The metastable state of glasses is the underlying factor leading to the rich features of their macroscopic behavior. The pronounced need to include dynamic (evolving) heterogeneity to arrive at a constitutive model that qualitatively matches the thermo-mechanics and ageing of glassy polymers agrees with some of the recent statistical mechanics insights in glass forming liquids [18]. A dynamics approach to this phase transition suggests that while spatial pair distribution functions in such systems may be indistinguishable between equilibrium and non-equilibrium phases, the Van Hove’s self-correlation (or intermediate scattering) function [19] for the non-equilibrium phase is non-zero for all times. In other words, the creation of such disordered metastable states, their distinction from equilibrium states (liquid), and their slow ageing characteristics may be explained by considerations of dynamic heterogeneity. The confluence and compatibility of these theoretical observations with the recent success of the stochastic constitutive modeling approach is encouraging that similar tools may be applied to other challenging problems in this area in the future.

[1]    G. B. McKenna, “On the physics required for prediction of long term performance of polymers and their composites,” JOURNAL OF RESEARCH-NATIONAL INSTITUTE OF STANDARDS AND TECHNOLOGY, vol. 99, pp. 169–169, 1994.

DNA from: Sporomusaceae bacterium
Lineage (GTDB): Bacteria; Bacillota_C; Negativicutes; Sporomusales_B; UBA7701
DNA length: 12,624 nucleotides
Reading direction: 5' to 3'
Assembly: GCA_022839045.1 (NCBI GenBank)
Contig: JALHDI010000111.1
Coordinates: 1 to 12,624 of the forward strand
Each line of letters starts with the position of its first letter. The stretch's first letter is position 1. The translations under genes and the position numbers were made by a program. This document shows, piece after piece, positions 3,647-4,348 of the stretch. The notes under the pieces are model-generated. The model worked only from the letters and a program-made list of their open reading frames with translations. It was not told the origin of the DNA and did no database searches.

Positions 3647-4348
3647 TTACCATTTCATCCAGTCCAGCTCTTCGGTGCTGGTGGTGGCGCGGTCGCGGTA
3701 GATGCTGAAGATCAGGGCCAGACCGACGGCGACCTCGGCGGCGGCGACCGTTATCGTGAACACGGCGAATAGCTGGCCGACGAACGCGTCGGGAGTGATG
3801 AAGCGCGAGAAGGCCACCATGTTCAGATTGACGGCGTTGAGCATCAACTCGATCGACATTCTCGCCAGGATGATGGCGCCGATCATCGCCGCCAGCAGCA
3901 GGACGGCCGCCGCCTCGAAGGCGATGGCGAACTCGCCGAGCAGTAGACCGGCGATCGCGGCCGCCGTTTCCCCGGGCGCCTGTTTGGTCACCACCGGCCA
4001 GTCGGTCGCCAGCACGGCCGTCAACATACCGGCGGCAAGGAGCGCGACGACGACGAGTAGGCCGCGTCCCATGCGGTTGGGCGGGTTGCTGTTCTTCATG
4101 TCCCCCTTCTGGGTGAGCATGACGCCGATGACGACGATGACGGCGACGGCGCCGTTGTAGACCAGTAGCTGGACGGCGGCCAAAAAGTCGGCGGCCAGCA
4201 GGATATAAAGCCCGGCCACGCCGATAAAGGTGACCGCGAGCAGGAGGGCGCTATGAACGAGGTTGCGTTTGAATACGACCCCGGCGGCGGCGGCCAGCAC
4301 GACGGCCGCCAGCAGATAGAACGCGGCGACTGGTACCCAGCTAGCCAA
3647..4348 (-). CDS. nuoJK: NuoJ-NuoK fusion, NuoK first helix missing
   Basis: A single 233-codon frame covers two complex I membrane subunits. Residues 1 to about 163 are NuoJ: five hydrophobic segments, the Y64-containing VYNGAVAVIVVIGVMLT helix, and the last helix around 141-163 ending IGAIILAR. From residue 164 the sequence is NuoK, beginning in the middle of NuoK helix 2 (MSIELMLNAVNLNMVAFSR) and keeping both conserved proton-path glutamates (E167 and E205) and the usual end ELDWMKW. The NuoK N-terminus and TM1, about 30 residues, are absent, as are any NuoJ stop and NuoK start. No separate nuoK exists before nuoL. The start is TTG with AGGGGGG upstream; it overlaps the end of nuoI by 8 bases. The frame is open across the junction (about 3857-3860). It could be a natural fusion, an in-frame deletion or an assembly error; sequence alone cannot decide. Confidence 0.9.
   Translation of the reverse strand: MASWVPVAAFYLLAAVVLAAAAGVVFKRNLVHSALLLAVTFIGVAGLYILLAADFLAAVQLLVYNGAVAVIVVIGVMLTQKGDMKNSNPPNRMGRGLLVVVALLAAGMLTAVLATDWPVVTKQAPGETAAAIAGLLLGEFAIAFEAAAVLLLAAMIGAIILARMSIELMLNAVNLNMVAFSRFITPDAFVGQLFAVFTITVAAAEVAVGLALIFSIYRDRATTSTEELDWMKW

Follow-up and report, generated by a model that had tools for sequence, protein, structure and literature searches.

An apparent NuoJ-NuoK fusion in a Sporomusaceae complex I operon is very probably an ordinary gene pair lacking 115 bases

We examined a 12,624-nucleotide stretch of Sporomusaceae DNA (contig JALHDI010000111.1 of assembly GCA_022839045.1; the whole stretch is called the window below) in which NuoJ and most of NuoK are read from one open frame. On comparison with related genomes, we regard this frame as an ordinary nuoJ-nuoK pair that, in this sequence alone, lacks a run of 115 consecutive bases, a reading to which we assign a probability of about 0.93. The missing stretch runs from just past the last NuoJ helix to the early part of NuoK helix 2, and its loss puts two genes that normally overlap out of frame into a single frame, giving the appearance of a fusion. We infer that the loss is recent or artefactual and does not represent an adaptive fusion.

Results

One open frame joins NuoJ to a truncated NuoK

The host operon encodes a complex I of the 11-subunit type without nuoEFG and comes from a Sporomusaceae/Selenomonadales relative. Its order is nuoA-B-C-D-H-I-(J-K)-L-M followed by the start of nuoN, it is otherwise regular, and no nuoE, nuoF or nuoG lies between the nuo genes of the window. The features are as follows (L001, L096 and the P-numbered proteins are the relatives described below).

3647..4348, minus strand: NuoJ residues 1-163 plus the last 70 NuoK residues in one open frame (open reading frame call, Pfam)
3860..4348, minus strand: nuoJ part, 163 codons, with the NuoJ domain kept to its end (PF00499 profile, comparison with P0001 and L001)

[2]    A. J. Kovacs, “Transition vitreuse dans les polymères amorphes. Etude phénoménologique,” in Fortschritte Der Hochpolymeren-Forschung, Berlin, Heidelberg: Springer Berlin Heidelberg, 1964, pp. 394–507.
[3]    A. J. Kovacs, J. J. Aklonis, J. M. Hutchinson, and A. R. Ramos, “Isobaric volume and enthalpy recovery of glasses. II. A transparent multiparameter theory,” Journal of Polymer Science Part B: Polymer Physics, vol. 17, no. 7, pp. 1097–1162, 1979.
[4]    A. R. Berens and I. M. Hodge, “Effects of annealing and prior history on enthalpy relaxation in glassy polymers. 1. Experimental study on poly (vinyl chloride),” Macromolecules, vol. 15, no. 3, pp. 756–761, 1982.
[5]    I. M. Hodge and A. R. Berens, “Effects of annealing and prior history on enthalpy relaxation in glassy polymers. 2. Mathematical modeling,” Macromolecules, vol. 15, no. 3, pp. 762–770, 1982.
[6]    O. Narayanaswamy, “A model of structural relaxation in glass,” Journal of the American Ceramic Society, vol. 54, no. 10, pp. 491–498, 1971.
[7]    C. T. Moynihan et al., “Structural relaxation in vitreous materials,” Annals of the New York Academy of Sciences, vol. 279, no. 1, pp. 15–35, 1976.
[8]    L. C. E. Struik, “Physical aging in plastics and other glassy materials,” Polymer Engineering & Science, vol. 17, no. 3, pp. 165–173, Mar. 1977.